Louis draws from Open triumph

2011-04-05 19:50
Louis Oosthuizen (File)

Augusta - Louis Oosthuizen missed the cut in his first two Masters but winning last year's Open Championship has given the South African a major jolt of confidence for his third appearance at Augusta National.

Nine months ago, Oosthuizen claimed his first major title with a crushing seven-shot victory after delivering a superlative display of driving at St Andrews.

"Going into any tournament now, my confidence is a lot higher, and especially at the majors," the 28-year-old told a news conference at Augusta National on Tuesday.

"St Andrews just showed me that I can compete in big tournaments. It was a great tournament for me and I'm just trying to go forward from there."

The Masters was the one tournament overseas that Oosthuizen made sure he watched on television whenever possible as a child. As a player, it cannot come soon enough for him on the golfing calendar.

"I've been looking forward to it all year, probably since the PGA (Championship in August)," he said. "Everything is so beautiful here.

"It always looked so beautiful on television. It's just one of those events that's great watching it on television."

Oosthuizen has produced a mixed bag of form this season, winning his third European Tour title at the Africa Open in January but he has since been plagued by an eye infection.

"I had a good start to the season and then it really went a bit down," he said. "The last four or five weeks I have struggled with an eye infection and all kinds of things.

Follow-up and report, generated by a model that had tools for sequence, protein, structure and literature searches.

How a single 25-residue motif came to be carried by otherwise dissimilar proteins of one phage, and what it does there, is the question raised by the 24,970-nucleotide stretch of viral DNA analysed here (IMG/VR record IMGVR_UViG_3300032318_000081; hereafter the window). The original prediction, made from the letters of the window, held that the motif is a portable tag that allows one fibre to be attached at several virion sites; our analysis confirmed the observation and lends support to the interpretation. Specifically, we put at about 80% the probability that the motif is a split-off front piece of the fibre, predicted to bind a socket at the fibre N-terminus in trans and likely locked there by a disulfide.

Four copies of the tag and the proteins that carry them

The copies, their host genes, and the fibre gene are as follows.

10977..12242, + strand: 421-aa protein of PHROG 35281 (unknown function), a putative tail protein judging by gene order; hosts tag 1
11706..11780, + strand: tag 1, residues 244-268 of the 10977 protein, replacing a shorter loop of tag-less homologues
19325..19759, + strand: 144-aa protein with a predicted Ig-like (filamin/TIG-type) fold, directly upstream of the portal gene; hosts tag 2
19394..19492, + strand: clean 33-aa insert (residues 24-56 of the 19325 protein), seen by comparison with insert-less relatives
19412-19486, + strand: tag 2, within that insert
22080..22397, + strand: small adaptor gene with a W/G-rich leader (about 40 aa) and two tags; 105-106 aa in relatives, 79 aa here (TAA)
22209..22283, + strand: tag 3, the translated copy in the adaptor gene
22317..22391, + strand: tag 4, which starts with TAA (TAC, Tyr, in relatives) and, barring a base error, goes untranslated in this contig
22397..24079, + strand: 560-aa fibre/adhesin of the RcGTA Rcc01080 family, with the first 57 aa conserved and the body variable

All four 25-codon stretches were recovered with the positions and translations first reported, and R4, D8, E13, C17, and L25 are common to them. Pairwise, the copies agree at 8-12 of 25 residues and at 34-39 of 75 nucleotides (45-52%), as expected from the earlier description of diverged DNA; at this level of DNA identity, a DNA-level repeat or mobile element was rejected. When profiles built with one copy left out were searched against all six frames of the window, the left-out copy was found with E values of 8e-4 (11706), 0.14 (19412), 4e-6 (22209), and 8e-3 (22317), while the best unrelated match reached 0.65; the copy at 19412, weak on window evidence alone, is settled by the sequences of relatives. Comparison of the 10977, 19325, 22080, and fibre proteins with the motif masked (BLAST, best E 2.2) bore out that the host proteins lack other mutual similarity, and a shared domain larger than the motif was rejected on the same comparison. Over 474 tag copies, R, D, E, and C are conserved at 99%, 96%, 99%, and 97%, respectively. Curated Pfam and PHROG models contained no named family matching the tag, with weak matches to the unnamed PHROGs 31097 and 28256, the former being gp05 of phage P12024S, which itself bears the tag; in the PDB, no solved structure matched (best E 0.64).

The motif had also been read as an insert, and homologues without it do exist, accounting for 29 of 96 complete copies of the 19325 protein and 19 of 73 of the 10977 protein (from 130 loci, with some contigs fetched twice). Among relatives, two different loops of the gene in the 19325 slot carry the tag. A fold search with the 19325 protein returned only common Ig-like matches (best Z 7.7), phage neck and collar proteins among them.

"I had to withdraw from Spain and then I played last week and was quite surprised how I played really. I thought it was going to be quite a bit more rusty, so that gave me a little boost to this week."

Oosthuizen finished tied for 16th at last week's Houston Open and is now eager to tackle the notoriously difficult greens at Augusta National where the ability to leave the ball below the hole is of paramount importance.

"You can get some slippery ones here," Oosthuizen said. "You might have putts that you know you are not going to get within six or eight feet. You've got to get your head around that and know you're going to have a longish putt for par."

Oosthuizen said the most beneficial practice round he had ever played here was in 2009 with compatriots Trevor Immelman, the 2008 champion, and three-times winner Gary Player.

"That was really nice," the gap-toothed South African recalled with a smile. "It was amazing how similar both of them are course management-wise when they get to the greens. I learned a lot from that."

Oosthuizen is scheduled to tee off with Britain's Justin Rose and South Korean KJ Choi in Thursday's opening round.

Other South Africans in the Masters field include three-time major champion, Ernie Els, the 2002 and 2004 Masters runner-up; Tim Clark, the 2006 Masters runner-up; Retief Goosen, who shared second at Augusta National in 2002; 2007 Masters runner-up Rory Sabbatini and 2008 Masters winner Trevor Immelman.

Oosthuizen spent three years developing his game with help from Els' foundation.

"Ernie was the one everyone wanted to be like," Oosthuizen said. "In South Africa and around the world, he's probably still one of the big heroes out there."

Oosthuizen fell victim to the Masters curse last year by winning the Par-3 Contest staged on the eve of the tournament. No winner of the short-course event has ever gone on to win the Masters in the same week.

That won't stop Oosthuizen from trying to defend his crown and extend a South African Par-3 win streak that began with Rory Sabbatini in 2008 and continued with Tim Clark in 2009.

"I don't like to believe in things like that but it happens all the time," he said.

"I'm definitely playing again. My little girl is going to walk with me. So I'll probably try and get her to kick the ball or something so my score don't count."

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